General SPICE Modeling Procedure for Double-Gate Tunnel Field-Effect Transistors

  • cc icon
  • ABSTRACT

    Currently there is a lack of literature on SPICE-level models of double-gate (DG) tunnel field-effect transistors (TFETs). A DG TFET compact model is presented in this work that is used to develop a SPICE model for DG TFETs implemented with Verilog-A language. The compact modeling approach presented in this work integrates several issues in previously published compact models including ambiguity about the use of tunneling parameters Ak and Bk, and the use of a universal equation for calculating the surface potential of DG TFETs in all regimes of operation to deliver a general SPICE modeling procedure for DG TFETs. The SPICE model of DG TFET captures the drain current-gate voltage (Ids-Vgs) characteristics of DG TFET reasonably well and offers a definite computational advantage over TCAD. The general SPICE modeling procedure presented here could be used to develop SPICE models for any combination of structural parameters of DG TFETs.


  • KEYWORD

    Compact model , Drain current , Inverter , Potential profile , TFET , Verilog

  • 1. ITRS report [Online] google
  • 2. Universal TFET model [Online] google
  • 3. III-V Tunnel FET Model [Online] google
  • 4. Biswas A., De Michielis L., Bazigos A., Ionescu A. M. 2015 “Compact modeling of DG-Tunnel FET for Verilog-A implementation,” [in Proceeding of 2015 45th European Solid State Device Research Conference (ESSDERC)] P.40-43 google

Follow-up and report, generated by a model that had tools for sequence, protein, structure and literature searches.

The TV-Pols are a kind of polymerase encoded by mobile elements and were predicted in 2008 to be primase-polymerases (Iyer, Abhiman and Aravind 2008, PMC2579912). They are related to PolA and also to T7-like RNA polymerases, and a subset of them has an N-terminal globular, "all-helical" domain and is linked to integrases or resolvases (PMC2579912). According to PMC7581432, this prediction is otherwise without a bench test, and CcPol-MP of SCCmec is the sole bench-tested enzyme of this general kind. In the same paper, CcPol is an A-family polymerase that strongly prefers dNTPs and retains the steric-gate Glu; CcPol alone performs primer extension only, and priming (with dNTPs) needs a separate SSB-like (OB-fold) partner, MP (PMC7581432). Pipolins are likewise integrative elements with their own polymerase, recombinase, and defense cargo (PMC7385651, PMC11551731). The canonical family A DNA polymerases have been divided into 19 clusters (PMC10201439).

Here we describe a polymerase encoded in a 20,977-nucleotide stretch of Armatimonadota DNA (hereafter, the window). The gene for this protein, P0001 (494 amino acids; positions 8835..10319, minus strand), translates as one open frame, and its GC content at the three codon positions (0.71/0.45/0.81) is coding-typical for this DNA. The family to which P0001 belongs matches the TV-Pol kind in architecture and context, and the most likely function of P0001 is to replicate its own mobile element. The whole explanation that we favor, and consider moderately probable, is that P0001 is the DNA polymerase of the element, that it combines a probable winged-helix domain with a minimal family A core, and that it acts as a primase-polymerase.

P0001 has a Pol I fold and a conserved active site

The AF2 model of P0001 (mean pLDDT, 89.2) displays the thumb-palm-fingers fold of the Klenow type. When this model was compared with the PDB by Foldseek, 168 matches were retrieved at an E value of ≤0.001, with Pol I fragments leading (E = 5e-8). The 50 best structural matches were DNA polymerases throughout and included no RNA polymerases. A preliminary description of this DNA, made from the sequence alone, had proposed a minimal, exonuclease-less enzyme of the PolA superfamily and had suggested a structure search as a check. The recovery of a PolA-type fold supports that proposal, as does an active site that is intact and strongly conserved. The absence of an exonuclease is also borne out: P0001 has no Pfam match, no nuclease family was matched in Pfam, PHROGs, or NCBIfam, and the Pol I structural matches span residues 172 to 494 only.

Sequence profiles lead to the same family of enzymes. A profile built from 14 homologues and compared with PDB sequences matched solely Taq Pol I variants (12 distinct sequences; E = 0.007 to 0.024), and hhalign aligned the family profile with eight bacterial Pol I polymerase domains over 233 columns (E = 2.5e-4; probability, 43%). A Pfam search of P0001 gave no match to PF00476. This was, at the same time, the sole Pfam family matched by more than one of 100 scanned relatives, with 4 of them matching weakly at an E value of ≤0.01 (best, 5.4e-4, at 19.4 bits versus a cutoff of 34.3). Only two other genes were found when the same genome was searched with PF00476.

• 5. Tanaka C., Adachi K., Fujimatsu M., Kondo Y., Hokazono A., Kawanaka S. 2016 “Implementation of TFET SPICE model for ultra-low power circuit analysis,” [IEEE Journal of the Electron Devices Society] google doi
  • 6. Bardon M. G., Neves H. P., Puers R., Van Hoof C. 2010 “Pseudo-two-dimensional model for double-gate tunnel FETs considering the junctions depletion regions,” [IEEE Transactions on Electron Devices] Vol.57 P.827-834 google doi
  • 7. Khakifirooz A., Nayfeh O. M., Antoniadis D. 2009 “A simple semiempirical short-channel MOSFET current?voltage model continuous across all regions of operation and employing only physical parameters,” [IEEE Transactions on Electron Devices] Vol.56 P.1674-1680 google doi
  • 8. Zhang L., He J., Chan M. 2012 “A compact model for double-gate tunneling field-effect-transistors and its implications on circuit behaviors,” [in Proceeding of 2012 IEEE International Electron Devices Meeting (IEDM)] P.1-4 google
  • 9. Vishnoi R., Kumar M. J. 2014 “Compact analytical model of dual material gate tunneling field-effect transistor using interband tunneling and channel transport,” [IEEE Transactions on Electron Devices] Vol.61 P.1936-1942 google doi
  • 10. Wan J., Le Royer C., Zaslavsky A., Cristoloveanu A. 2011 “A tunneling field effect transistor model combining interband tunneling with channel transport,” [Journal of Applied Physics] Vol.110 google doi
  • 11. Xu H., Dai Y., Li N., Xu J. 2015 “A 2-D semi-analytical model of double-gate tunnel field-effect transistor,” [Journal of Semiconductors] Vol.36 P.1-7 google
  • 12. Wang J., Wu C., Huang Q., Wang C., Huang R. 2014 “A closedform capacitance model for tunnel FETs with explicit surface potential solutions,” [Journal of Applied Physics] Vol.116 google